We regret to announce the death of Mr. Scott Russell, the engineer, which took place on Thursday morning at Ventnor, in the Isle of Wight, in the 75th year of his age.
John Scott Russell, according to Engineering, was the eldest son of the Rev. David Russell, a Scottish clergyman.
He was born in the Vale of Clyde in the year 1808, and was originally destined for the Church.
His great predelection for mechanics and other natural sciences induced his father to allow him enter a workshop, to learn the handicraft of the profession of an engineer.
He subsequently studied at the Universities of Edinburgh, St Andrews, and Glasgow, and graduated at the latter at the early age of 16.
He had attained to such a proficiency in the knowledge of the natural sciences that on the death of Sir John Leslie, Professor of Natural Philosophy in Edinburgh, in 1832, the young Scott Russell, though then only 24 years of age, was elected to fill the vacancy temporarily, pending the election of a permanent professor.
About this time he commenced his famous researches into the nature of waves, with the view to improving the forms of vessels.
His first paper on this subject was read before the British Association in 1835.
The interest created by this paper was so great that a committee was appointed by the association to carry on the experiments at their expense.
The Committee consisted of Sir John Robinson, secretary of the Royal Society of Edinburgh, and Mr. Scott Russell himself as reporter.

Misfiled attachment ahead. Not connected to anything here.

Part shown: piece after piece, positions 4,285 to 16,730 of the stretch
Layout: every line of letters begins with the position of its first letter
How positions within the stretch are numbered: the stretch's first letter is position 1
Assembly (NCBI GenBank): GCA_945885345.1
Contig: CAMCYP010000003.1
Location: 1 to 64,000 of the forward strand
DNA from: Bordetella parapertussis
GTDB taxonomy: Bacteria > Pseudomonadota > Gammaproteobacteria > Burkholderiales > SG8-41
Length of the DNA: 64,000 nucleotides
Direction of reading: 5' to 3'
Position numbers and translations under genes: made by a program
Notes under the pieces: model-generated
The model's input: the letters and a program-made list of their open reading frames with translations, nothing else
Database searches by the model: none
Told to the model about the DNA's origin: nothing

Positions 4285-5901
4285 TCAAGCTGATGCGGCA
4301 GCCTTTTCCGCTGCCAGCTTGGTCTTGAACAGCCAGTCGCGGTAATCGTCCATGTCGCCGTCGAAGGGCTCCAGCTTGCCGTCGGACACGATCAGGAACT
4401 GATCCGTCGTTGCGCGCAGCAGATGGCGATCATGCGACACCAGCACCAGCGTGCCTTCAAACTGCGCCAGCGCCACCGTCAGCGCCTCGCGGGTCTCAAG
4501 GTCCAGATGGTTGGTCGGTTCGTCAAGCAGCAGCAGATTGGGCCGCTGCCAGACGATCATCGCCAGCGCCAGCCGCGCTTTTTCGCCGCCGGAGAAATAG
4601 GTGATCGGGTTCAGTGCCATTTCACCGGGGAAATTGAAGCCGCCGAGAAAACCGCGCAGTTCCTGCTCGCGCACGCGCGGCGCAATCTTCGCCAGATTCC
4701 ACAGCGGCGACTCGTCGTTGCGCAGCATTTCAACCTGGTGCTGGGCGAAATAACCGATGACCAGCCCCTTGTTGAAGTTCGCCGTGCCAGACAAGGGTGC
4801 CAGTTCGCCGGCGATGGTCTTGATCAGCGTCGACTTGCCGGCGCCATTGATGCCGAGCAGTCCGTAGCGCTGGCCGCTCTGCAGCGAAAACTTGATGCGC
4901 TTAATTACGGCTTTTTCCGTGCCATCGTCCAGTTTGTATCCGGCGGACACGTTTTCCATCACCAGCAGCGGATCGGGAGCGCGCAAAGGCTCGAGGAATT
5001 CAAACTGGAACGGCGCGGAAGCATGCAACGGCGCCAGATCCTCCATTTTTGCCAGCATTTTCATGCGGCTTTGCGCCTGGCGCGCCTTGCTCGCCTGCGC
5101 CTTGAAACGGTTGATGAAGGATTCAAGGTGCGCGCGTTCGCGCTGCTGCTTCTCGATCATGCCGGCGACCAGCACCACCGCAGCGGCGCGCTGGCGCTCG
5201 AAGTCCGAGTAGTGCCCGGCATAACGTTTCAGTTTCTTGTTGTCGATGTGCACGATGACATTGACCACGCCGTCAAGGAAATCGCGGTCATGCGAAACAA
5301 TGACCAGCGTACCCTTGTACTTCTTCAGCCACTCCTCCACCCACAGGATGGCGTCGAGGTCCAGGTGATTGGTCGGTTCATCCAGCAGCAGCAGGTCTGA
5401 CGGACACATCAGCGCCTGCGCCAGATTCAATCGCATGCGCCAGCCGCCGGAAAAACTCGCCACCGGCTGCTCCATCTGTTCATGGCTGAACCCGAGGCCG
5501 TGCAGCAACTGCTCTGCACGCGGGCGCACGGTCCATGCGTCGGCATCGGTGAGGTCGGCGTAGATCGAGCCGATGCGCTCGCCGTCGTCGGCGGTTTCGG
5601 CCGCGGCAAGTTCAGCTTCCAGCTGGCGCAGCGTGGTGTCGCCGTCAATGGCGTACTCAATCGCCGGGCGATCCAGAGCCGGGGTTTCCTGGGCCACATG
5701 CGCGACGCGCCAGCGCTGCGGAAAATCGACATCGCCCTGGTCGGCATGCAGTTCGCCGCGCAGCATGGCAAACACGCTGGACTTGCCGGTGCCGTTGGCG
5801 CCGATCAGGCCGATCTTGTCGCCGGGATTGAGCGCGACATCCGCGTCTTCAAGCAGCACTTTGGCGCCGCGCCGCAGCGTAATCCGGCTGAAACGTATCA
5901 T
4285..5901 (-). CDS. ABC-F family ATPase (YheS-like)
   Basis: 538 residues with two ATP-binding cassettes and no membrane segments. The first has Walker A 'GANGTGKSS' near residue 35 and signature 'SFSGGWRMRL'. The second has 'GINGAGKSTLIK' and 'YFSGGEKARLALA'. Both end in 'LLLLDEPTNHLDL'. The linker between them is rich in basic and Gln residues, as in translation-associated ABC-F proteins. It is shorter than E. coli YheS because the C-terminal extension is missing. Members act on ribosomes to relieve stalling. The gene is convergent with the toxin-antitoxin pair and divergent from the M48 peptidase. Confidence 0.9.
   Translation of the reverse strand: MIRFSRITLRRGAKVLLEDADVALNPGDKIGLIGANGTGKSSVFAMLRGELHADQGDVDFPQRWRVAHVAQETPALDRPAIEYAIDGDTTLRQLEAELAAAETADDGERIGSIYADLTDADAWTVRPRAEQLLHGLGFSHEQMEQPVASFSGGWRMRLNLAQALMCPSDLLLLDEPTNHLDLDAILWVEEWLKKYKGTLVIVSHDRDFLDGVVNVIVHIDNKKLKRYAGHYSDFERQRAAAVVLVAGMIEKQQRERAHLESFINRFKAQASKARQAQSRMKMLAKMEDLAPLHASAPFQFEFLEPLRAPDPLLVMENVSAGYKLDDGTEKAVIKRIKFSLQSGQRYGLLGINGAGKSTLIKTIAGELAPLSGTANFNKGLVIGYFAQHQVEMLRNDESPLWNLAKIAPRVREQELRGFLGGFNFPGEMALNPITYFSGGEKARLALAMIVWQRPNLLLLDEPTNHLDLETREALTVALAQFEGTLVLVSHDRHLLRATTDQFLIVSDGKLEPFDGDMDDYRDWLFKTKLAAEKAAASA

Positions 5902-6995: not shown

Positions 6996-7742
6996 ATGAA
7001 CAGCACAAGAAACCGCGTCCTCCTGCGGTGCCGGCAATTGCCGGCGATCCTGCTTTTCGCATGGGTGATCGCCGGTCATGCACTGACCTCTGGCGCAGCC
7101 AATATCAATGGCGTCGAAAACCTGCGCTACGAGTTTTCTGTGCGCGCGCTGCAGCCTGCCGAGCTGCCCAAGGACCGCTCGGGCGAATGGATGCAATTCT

The report, which is of a most exhaustive character, is published in the seventh volume of the "Transactions of the British Association."
Mr. Scott Russell discovered during these researches the existence of the wave of translation and developed the wave-line system of construction of ships in
connexion with which his name is now so widely known.
In 1837 he read a paper before the Royal Society of Edinburgh, of which institution he had some years previously been elected a member, "On the Laws by which water opposes resistance to the motion of floating bodies."
For this paper he received the large gold medal of the society and was elected a member of its council.
The first vessel on the wave system was called the Wave, and was built in 1835; it was followed in 1836 by the Scott Russell, and in 1839 by the Flambeau and Fire King.
Mr. Scott Russell was employed at this time as manager of the large shipbuilding establishment at Greenock, now owned by Messrs. Caird and Co.
In this capacity he succeeded in having his system employed in the construction of the new fleet of the West India Royal Mail Company, and four of the largest and fastest vessels - viz, was the Teviot, the Tay, the Clyde, and the Tweed - were built and designed by himself.
In 1844 Mr. Scott Russell removed to London.
In 1847 he was elected a Fellow of the Royal Society and member of the institution of Civil Engineers, of which body he was for some time a vice-president.
He for a short time occupied the post of the secretary of the Society of Arts, which place he resigned to become joint secretary with Sir Stafford Northcote of the Great Exhibition of 1851.
He was, in fact, one of the three original promoters of the Exhibition, and under the direction of the late Prince Consort took a leading part in organizing it.
Mr. Scott Russell was for many years known as a shipbuilder on the Thames.
The most important work he ever constructed was the Great Eastern steamship, which he contracted to build for a company of which the late Mr. Brunel was the engineer.
The Great Eastern, whatever may have been her commercial failings, was undoubtedly a triumph of technical skill.
She was built on the wave-line system of shape, and was constructed on the longitudinal double skin